Proper breathing technique doesn't make you less strong
When you start training in a decent gym, it's usually the first thing you hear. 'Breathe out when your muscles contract. Don't hold your breath in.' Easier said than done, you discover pretty fast. Doing this seems to make you less strong. But this is not the case, researchers at the University of Montana discovered.
In 1704 the anatomist and physiologist Antonio Maria Valsalva [see portrait] devised the Valsalva test. This involves holding your windpipe closed, but at the same time trying to breathe out. Valsalva did this to check the functioning of the heart, but during strength exercises you do this almost automatically. The pressure built up in your body by the Valsalva manoeuvre stabilises your organs and vertebrae.
The disadvantage of the Valsalva manoeuvre, however, is that your blood pressure rises – and if you train the big muscle groups it can shoot through the roof. That's why instructors tell you to exhale when you lift weights up and your muscles contract.
The researchers wanted to find out whether good breathing technique leads to less strength development during weight training. They took 10 test subjects and measured the maximal force during extensions [Ext] and flexions [Flex] of the knee joint [leg extensions and leg curls], the extension and flexion of the elbow [the triceps extension and the biceps curl] and the abduction [ABD] and adduction [ADD] of the shoulder joint [with the lateral raise and the movement shown below].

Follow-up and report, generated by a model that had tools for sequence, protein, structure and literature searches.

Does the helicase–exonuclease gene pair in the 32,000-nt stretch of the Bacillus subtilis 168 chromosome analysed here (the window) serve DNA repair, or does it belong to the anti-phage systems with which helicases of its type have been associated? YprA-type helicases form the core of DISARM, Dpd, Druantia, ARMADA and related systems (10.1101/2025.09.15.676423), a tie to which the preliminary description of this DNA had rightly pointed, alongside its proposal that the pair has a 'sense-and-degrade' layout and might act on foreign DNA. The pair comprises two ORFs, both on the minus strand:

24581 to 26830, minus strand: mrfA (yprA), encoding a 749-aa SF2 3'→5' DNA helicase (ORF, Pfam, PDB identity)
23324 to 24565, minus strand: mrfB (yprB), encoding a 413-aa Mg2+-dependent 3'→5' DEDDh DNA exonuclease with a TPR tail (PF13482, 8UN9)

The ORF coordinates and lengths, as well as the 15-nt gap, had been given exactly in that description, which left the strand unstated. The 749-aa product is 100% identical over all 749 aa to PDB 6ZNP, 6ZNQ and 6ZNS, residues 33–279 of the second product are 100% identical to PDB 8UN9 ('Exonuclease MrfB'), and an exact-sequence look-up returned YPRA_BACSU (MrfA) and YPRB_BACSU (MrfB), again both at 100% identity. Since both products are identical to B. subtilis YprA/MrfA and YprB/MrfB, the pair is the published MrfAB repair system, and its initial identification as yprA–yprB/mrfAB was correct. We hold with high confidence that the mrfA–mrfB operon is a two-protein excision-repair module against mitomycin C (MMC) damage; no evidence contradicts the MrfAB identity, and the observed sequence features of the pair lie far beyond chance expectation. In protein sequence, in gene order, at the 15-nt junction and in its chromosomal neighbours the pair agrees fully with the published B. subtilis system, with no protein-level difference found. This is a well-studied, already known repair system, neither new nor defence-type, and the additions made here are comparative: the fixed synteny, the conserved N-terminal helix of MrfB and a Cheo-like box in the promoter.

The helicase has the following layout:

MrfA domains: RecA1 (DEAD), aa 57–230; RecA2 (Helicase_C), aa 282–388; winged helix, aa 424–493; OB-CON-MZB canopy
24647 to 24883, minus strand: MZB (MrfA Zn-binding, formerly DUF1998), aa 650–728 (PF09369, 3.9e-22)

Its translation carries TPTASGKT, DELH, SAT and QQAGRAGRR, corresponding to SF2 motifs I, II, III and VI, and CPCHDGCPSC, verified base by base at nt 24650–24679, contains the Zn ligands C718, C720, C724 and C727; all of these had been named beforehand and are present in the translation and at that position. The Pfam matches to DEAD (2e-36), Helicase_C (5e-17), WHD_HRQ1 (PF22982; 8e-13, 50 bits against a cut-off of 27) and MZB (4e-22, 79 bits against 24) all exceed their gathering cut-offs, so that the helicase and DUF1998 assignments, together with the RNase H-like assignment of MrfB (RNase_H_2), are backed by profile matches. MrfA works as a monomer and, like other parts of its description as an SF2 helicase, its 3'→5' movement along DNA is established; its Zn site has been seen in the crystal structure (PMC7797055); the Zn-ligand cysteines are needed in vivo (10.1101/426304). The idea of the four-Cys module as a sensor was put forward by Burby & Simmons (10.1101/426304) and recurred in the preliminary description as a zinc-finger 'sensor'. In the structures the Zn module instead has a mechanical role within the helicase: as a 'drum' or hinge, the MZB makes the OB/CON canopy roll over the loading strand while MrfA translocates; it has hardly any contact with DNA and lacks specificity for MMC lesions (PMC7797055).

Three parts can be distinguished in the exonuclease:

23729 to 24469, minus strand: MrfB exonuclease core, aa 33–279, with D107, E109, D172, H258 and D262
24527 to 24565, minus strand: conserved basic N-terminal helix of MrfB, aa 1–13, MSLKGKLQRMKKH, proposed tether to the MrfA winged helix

IN = conscious inhale; OUT = conscious exhale; VM = Valsalva manoeuvre. The figure below compares maximal strength during IN, OUT and VM with the force you can develop when breathing normally.
None of the differences between conscious breathing and the Valsalva manoeuvre were statistically significant. So conscious breathing technique does not come at the expense of your strength, say the researchers, even though it may feel unnatural. And for shoulder adductions, it seems that you build more strength with a good breathing technique.
J Strength Cond Res. 2009 Jan;23(1):127-32.
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